It holds true that people with disabilities find challenges in using the Web and computers in general. Although there are specialized devices and applications available for people with certain disabilities, making websites and the world wide web more accessible present significant advantages that could cover multiple devices, including mobile devices.

In 1997, the Web Accessibility Initiative (WAI) was launched by the  World Wide Web Consortium (W3C). WAI aims to develop strategies, guidelines, and resources to help make the Web accessible to people with disabilities.

Taken from Wikipedia, the needs that Web accessibility aims to address include:

Additionally, here’s a snapshot of W3C’s Web Accessibility Principles:

In a perfect world, all web projects will incorporate web accessibility principles and adhere to its guidelines. Unfortunately, in the real world, web accessibility is often overlooked.

According to Shaun Cronin, a freelance web designer from England:

The World Wide Web is especially significant for those with disabilities as the vast amount of digital information stored can be manipulated to meet differing requirements. Unfortunately, the power and adaptability of the Web is not always fully utilised and those with disabilities can find it difficult to navigate websites and have a negative experience with the Web in general.

Why do you need to consider web accessibility?

  1. Your content will reach more audience.
  1. Web accessibility legislation has been passed in Australia, Brazil, European Union, Ireland, Israel, Norway, Italy, and the United Kingdom. More countries will follow and guidelines are expected to be legally implemented in the US in 2018. To summarize: If you fail to make your website or app compliant with web accessibility, legal action could be brought against you.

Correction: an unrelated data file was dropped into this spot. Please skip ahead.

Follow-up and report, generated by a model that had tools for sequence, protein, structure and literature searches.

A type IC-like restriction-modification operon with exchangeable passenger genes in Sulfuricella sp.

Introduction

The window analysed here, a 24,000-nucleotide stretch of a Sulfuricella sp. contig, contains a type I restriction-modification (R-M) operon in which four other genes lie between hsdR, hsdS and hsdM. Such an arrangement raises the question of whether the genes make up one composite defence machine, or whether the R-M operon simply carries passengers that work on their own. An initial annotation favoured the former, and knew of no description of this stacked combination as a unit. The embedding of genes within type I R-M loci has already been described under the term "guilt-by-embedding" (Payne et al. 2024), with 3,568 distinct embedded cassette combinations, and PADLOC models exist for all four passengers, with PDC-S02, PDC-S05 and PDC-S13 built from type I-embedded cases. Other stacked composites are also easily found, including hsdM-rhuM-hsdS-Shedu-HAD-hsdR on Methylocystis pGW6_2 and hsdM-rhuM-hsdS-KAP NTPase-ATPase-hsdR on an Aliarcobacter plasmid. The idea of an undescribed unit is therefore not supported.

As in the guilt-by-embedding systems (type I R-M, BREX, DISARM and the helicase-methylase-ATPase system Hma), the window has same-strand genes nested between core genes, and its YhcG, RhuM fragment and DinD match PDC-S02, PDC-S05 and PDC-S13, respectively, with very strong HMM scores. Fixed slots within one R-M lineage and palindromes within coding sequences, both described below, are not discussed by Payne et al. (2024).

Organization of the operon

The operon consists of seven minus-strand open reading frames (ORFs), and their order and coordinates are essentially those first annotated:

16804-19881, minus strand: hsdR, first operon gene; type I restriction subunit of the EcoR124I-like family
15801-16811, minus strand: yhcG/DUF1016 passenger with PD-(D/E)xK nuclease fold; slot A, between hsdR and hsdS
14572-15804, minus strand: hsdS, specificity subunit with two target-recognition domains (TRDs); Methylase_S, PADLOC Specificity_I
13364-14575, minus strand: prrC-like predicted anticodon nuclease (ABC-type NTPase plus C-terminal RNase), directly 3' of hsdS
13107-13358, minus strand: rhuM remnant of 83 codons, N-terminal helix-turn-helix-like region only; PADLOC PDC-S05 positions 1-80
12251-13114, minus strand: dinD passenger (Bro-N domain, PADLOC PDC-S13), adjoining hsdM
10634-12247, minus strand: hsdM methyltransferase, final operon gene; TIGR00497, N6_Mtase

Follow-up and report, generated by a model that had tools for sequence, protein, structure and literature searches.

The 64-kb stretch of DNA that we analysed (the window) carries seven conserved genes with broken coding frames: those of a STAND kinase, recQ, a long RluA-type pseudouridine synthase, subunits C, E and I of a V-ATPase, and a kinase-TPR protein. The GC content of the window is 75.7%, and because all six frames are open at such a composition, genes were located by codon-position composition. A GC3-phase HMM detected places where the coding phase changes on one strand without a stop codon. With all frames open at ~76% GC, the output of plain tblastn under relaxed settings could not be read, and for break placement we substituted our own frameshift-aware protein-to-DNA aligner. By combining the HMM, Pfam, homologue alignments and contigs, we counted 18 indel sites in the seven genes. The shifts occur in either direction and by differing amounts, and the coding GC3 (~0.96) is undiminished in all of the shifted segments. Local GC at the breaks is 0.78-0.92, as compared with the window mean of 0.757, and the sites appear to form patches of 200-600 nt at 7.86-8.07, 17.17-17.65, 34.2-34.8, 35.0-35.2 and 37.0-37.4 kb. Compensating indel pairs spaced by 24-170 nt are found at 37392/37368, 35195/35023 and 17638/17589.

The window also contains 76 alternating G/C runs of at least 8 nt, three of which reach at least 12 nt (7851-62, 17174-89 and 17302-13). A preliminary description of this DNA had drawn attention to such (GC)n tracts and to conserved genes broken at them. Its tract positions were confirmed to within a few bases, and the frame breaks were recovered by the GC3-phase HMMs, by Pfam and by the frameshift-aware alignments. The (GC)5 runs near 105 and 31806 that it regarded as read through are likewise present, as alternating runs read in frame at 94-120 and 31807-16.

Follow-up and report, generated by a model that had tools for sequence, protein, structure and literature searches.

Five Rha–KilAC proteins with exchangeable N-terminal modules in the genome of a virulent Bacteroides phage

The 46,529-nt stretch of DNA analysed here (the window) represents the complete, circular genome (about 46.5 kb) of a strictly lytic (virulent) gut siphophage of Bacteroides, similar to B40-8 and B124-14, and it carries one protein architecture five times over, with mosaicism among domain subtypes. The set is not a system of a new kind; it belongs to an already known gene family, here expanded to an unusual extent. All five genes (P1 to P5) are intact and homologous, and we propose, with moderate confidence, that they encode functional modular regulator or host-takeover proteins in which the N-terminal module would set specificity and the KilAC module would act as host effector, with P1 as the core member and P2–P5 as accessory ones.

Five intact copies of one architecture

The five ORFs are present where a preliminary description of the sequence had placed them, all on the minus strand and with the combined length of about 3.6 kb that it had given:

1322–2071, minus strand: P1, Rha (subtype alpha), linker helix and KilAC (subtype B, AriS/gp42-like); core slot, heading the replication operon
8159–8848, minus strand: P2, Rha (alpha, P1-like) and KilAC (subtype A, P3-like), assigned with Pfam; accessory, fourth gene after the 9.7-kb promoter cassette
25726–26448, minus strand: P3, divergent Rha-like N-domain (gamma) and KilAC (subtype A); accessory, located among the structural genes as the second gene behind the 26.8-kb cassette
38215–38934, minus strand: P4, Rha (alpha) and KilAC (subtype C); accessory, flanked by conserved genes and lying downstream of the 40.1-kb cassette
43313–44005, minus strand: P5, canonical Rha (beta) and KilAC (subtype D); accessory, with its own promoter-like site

1. Web accessibility promotes social equality and is anti-discriminatory. Case in point: lawsuits were already filed against websites not accessible to the blind in the US. Although any formal legislation has yet to be adapted in the US, these cases were filed on the basis of non-compliance citing the Americans with Disabilities Act. JC Penny, Home Depot, Ace Hardware, Aeropostale, Bed Bath & Beyond and Estee Lauder are just some companies sued in 2015 by blind plaintiffs. The US Department of Justice has sued and arranged settlements with big brands for not meeting the website needs of their disabled customers.
  1. The aging population is expected to grow. This means that we are facing a growing number of internet users who will develop either a permanent or temporary condition which the Web Accessibility Initiative aims to solve.

It is very important for web designers, website owners, and developers to be informed about web accessibility and take this into consideration when launching a new website or application. It is also a great time to be thinking about how accessible your website currently is. The majority of the steps to promote web accessibility is not only beneficial for people with disabilities, but can also benefit all website visitors.

Want to improve your website’s accessibility? Reach more audience by voice-enabling your site. Try ReponsiveVoice’s Text-to-speech!

Read more:
6 Tips for Improving Website Accessibility” by Shaun Corin
Resources for the Blind and Vision Impaired

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